By Rachel Sinn, firstname.lastname@example.org
Nontraditional students often enter college with a stigma because they do not fit the typical profile of an undergraduate student, but proving everyone wrong has always driven one man to succeed against the odds.
Formerly in the Marine Corps, Nathan Durbala, 26, is now serving in the Army Reserve and attending the ROTC program here at
Before Durbala’s military days, he described himself as lacking self-discipline. In the fall of 2004, Durbala entered Iowa State for the first time, as an incoming freshman.
“I went to all my classes the first day, and then after that, I didn’t go to a single class the entire semester,” Durbala said. “I got in with the wrong crowd and with the wrong friends and just partied my butt off. I’d go to [off-campus] parties and then the next morning would crack open another beer and drink all day until that night when I could go out and party again,” Durbala said.
Durbala said that his actions were “ridiculous” and “stupid” and he ultimately made the decision to drop out of school.
“I dropped out before I was kicked out, because I thought that would look better on my record,” Durbala said.
The aftermath of failing school was not well-received with his family. Durbala found out quickly he didn’t have many options except to enter the military.
“I went over the next steps of life with my mom,” Durbala said. “They got the report card, and my dad did not want to say a word to me. He practically disowned me.”
With no job, no home and no money, Durbala went to a Des Moines recruiting station to join the Air Force that December during blizzard-like conditions, but the recruiter was on vacation.
“On my way out, a Marine Corps recruiter sees me and says: ‘Where you going, son?’” Durbala said. After explaining he was there to join the Air Force, the Marine Corps recruiter convinced him to join the Marines instead.
“I gained a lot of self-discipline. It is the best service experience I’ve ever had,” Durbala said.
Having had a military-style upbringing with a father that served in the Air Force, Durbala said Marine boot camp wasn’t much different.
“The way my dad treated me growing up, he kind of yelled at me like a drill instructor, so I had a little advantage. I was used to it,” Durbala said. Durbala said his Military Occupational Specialty, or MOS, is 36B, making him a financial management technician. He said this made for an “uninteresting” desk-job deployment.
“For the 200 days I was stationed in Iraq, we were [shelled] for 190 days consecutively,” Durbala said. “There were a couple times where I had to drop to the ground, cover my head and put my face in the dirt, and just hope ‘not me today.’ It wasn’t a traumatic deployment, though.”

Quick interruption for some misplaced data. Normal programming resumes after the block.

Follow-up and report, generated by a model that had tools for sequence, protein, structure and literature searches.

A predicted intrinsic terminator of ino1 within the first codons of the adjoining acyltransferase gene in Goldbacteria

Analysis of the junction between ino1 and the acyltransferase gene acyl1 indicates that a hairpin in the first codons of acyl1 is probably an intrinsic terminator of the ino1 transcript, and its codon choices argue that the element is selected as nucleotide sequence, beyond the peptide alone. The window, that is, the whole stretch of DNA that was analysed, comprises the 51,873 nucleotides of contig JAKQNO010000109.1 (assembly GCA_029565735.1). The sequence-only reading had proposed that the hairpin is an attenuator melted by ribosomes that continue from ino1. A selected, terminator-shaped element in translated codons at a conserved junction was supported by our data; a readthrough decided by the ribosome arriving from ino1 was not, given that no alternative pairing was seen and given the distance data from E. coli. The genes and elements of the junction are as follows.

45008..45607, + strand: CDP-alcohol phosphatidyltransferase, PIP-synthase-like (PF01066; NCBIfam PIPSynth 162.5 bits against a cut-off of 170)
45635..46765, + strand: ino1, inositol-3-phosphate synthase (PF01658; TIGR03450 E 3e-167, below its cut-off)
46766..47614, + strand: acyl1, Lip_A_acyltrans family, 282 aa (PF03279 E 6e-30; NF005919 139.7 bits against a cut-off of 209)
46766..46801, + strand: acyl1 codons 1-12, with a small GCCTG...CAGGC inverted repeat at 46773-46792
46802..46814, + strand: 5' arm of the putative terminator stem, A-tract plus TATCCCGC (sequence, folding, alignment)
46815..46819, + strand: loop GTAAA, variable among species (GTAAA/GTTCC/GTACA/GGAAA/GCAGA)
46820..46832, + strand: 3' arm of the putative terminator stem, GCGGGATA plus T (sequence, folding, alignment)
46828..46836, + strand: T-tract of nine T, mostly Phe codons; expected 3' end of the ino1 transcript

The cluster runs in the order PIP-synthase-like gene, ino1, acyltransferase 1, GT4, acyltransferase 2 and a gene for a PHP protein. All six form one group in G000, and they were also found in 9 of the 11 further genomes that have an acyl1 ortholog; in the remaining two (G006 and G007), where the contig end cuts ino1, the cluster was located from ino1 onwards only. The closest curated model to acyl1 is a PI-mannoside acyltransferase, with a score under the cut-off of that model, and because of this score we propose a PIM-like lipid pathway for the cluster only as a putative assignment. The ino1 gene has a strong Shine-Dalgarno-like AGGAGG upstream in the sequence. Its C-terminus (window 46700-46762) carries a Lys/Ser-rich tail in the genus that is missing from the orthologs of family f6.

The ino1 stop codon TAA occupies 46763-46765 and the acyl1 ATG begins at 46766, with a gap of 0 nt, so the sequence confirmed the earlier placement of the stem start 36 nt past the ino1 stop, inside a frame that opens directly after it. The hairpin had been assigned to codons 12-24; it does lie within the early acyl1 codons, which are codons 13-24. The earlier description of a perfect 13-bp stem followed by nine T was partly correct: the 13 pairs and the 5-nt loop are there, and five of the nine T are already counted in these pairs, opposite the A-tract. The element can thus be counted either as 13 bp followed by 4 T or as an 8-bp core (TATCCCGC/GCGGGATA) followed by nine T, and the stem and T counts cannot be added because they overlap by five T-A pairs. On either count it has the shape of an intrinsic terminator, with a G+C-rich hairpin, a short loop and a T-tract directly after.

About a year after returning from deployment, Durbala knew he wanted to use his educational benefits from the military and entered Iowa State for a second time.
“I always wanted to go to ISU,” Durbala said. “I have great pride in ISU.”
Unfortunately, because of his past, many friends and relatives were not supportive and feared that entering college would put him back into the party lifestyle that got him in trouble the first time.
Durbala said proving to everyone he can be successful in school has ultimately repaired his relationship with father.
“Things are a lot better now between me and Dad, especially because I’m back in college,” Durbala said.
The defining moment for Durbala and his father came at the end of his first semester when he received a 3.2 GPA. With encouragement from his wife, Nicole Durbala, he decided to surprise his father with a gift basket and a card containing a printed-out report card for Christmas.
“My dad, his jaw just dropped because he was so happy that I was successful the first semester coming back,” Durbala said.
Durbala credits the military with changing his drive to want to be a better student.
“If I had it my way, I would kind of have everyone join the service and serve at least two years. If you go through that, you gain a lot of self-discipline and motivational skills and interpersonal skills that you never knew you had before,” Durbala said.
Fellow ROTC cadet Tim Brincks disagrees with this idea. “You need people that actually want to be there and want to be dedicated to it. So I’d rather have a volunteer that wants to be there than someone that’s forced,” Brincks said.
Durbala continues to work toward his bachelor’s degree in management information systems with the support of his wife and their two children Natalie, 3, and Nicholas, 2.
“Here we are, my third semester back at college with five more to go, and I’m still on the rise,” Durbala said.